The Helia Hotel
12:15 P.M. (L)
SENIOR ADMINISTRATION OFFICIAL: As you know, the President came to the Budapest summit because of the commitment that he has displayed to building a more secure and integrated Europe. And as he said in his statement today, CSCE has a major role to play in this regard, and his presence here was meant to signify continued U.S. engagement in this effort.
Strengthening the CSCE is part of a broader agenda for European security that we've been setting forth over the past year, beginning with the NATO Summit and extending up to this event. It involves a range of institutions as well as the deepening of our bilateral ties with the countries of Central and Eastern Europe and the former Soviet Union.
As the President said in his statement, he remains committed to adapting NATO as one of the number one priorities in this overall effort. NATO is not only adapting in terms of its own missions, but seeking to project stability eastward through the Partnership for Peace and through its eventual expansion. And, of course, the decisions taken by the North Atlantic Council last week -- very much part of the push forward that this summit here is intended to continue.
I would say that Partnership for Peace and expansion of the alliance are two sides of the same coin, part of NATO's effort to help promote stability and cooperation. And as the President said, to erase old lines without creating new ones.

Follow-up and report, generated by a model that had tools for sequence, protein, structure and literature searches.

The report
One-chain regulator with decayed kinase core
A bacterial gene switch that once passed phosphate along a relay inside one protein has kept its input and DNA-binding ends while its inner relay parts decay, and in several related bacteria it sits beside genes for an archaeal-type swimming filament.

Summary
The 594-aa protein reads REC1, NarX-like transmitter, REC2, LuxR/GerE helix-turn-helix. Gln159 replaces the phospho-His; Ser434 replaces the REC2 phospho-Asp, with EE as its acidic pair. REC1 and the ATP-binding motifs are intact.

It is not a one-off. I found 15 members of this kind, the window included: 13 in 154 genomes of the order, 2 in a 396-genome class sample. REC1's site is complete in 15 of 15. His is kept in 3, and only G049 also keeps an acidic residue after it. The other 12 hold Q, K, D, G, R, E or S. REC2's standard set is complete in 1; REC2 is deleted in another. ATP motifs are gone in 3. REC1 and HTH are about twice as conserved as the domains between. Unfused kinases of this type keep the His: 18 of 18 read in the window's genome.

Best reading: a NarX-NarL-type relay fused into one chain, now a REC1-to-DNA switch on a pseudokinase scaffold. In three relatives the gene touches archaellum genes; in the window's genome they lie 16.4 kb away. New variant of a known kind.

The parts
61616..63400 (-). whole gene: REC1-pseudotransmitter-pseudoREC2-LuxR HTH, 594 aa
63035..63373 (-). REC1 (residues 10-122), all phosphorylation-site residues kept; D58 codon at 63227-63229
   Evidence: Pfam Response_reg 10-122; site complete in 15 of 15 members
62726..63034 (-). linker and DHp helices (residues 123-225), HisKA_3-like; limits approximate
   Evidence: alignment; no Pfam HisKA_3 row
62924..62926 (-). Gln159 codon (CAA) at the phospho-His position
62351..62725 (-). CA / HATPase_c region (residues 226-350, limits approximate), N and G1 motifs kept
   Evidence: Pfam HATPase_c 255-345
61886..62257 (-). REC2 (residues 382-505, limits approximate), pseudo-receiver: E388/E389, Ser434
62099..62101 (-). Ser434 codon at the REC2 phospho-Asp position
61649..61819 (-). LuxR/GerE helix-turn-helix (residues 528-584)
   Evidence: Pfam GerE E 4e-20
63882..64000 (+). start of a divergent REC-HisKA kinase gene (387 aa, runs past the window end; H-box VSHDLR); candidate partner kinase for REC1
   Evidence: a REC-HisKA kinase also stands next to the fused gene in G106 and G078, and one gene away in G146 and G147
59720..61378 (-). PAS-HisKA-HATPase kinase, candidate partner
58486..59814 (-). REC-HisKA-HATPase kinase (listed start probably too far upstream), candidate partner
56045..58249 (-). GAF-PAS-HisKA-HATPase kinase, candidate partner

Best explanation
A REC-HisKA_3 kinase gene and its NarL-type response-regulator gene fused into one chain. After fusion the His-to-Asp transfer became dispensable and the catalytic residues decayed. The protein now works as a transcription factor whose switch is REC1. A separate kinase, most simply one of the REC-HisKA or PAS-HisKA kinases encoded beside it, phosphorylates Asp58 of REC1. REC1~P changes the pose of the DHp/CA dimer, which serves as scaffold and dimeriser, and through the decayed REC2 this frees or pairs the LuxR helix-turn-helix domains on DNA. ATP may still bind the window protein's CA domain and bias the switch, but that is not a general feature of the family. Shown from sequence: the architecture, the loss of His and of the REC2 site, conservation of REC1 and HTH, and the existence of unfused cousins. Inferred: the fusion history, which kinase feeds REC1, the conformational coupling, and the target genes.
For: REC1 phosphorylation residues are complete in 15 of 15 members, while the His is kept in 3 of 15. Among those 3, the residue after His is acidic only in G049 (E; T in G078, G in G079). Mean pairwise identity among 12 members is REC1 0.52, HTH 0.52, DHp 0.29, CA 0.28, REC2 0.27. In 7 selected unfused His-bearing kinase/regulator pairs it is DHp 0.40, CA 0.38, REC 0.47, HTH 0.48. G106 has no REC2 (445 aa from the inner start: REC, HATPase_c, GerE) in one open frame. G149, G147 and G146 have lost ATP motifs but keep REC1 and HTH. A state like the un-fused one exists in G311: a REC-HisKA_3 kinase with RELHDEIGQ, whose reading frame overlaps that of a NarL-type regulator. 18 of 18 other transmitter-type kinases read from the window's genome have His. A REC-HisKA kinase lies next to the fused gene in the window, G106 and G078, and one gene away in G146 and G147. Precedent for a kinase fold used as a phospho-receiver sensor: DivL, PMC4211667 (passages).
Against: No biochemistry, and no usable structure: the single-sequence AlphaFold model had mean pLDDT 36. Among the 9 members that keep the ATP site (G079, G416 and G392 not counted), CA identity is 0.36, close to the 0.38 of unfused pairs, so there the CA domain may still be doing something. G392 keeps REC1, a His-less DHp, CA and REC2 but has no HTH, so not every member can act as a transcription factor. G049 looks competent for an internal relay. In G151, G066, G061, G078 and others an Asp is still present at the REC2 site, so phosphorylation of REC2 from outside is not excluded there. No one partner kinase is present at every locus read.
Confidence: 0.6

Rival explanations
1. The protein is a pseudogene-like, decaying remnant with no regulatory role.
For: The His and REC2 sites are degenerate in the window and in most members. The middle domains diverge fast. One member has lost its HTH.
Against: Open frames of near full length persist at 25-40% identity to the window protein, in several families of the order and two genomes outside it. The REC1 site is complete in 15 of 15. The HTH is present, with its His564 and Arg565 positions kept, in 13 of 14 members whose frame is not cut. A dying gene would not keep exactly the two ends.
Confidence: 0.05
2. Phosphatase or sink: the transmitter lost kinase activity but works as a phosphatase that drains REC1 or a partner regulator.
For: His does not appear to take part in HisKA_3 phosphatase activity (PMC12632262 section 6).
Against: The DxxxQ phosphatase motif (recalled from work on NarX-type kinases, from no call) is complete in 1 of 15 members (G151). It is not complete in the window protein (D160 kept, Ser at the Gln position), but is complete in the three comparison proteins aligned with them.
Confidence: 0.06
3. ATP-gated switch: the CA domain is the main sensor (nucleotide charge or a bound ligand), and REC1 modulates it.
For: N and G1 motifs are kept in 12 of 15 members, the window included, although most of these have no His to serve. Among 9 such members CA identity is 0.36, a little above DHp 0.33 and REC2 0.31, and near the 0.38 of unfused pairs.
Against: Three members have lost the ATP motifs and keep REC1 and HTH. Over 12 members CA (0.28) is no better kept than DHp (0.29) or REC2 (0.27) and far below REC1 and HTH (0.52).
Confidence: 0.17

In terms of the CSCE, we see it as particularly important in developing more effective means for preventing conflicts, for preventing future Bosnias. And in that regard, we've seen a lot of positive accomplishments coming out of the summit. My colleague will talk in more detail about the specifics of the summit results.
Clearly the biggest threat to European security today is ethnic conflict, regional conflict and making the CSCE more effective, more proactive in dealing with conflicts at an early stage is going to be critical for the future security of Europe.
One of the most important accomplishments that we are quite hopeful about, as the President said, we are on the verge of achieving what will be a very significant decision to establish a CSCE peacekeeping force in the Nagorno-Karabakh. This is key to establishing the rules of the road for peacekeeping operations in the future in Europe, and particularly in the Newly Independent States.
CSCE has also been working on principles for peacekeeping and conflict prevention which will provide a more general road map for the future. Important progress has been made on that and my colleague will give you the latest state of play.
So, again, the President's engagement here on the CSCE half of the agenda was to continue the development of the broader security regime that we hope will provide for increased security and integration in post-Cold War Europe.
SENIOR ADMINISTRATION OFFICIAL: Just to comment on the CSCE meeting itself. As my colleague said, the most important fact in understanding and detailing the results of this meeting is to see it in the context of what we have been doing in other places and to see it in the context of what we're starting to call the outlines of a security architecture in Europe.
And this security architecture, as the President has set forth also in his remarks this morning, is meant to establish a basis of cooperation, both among countries and among institutions so that the thin ...
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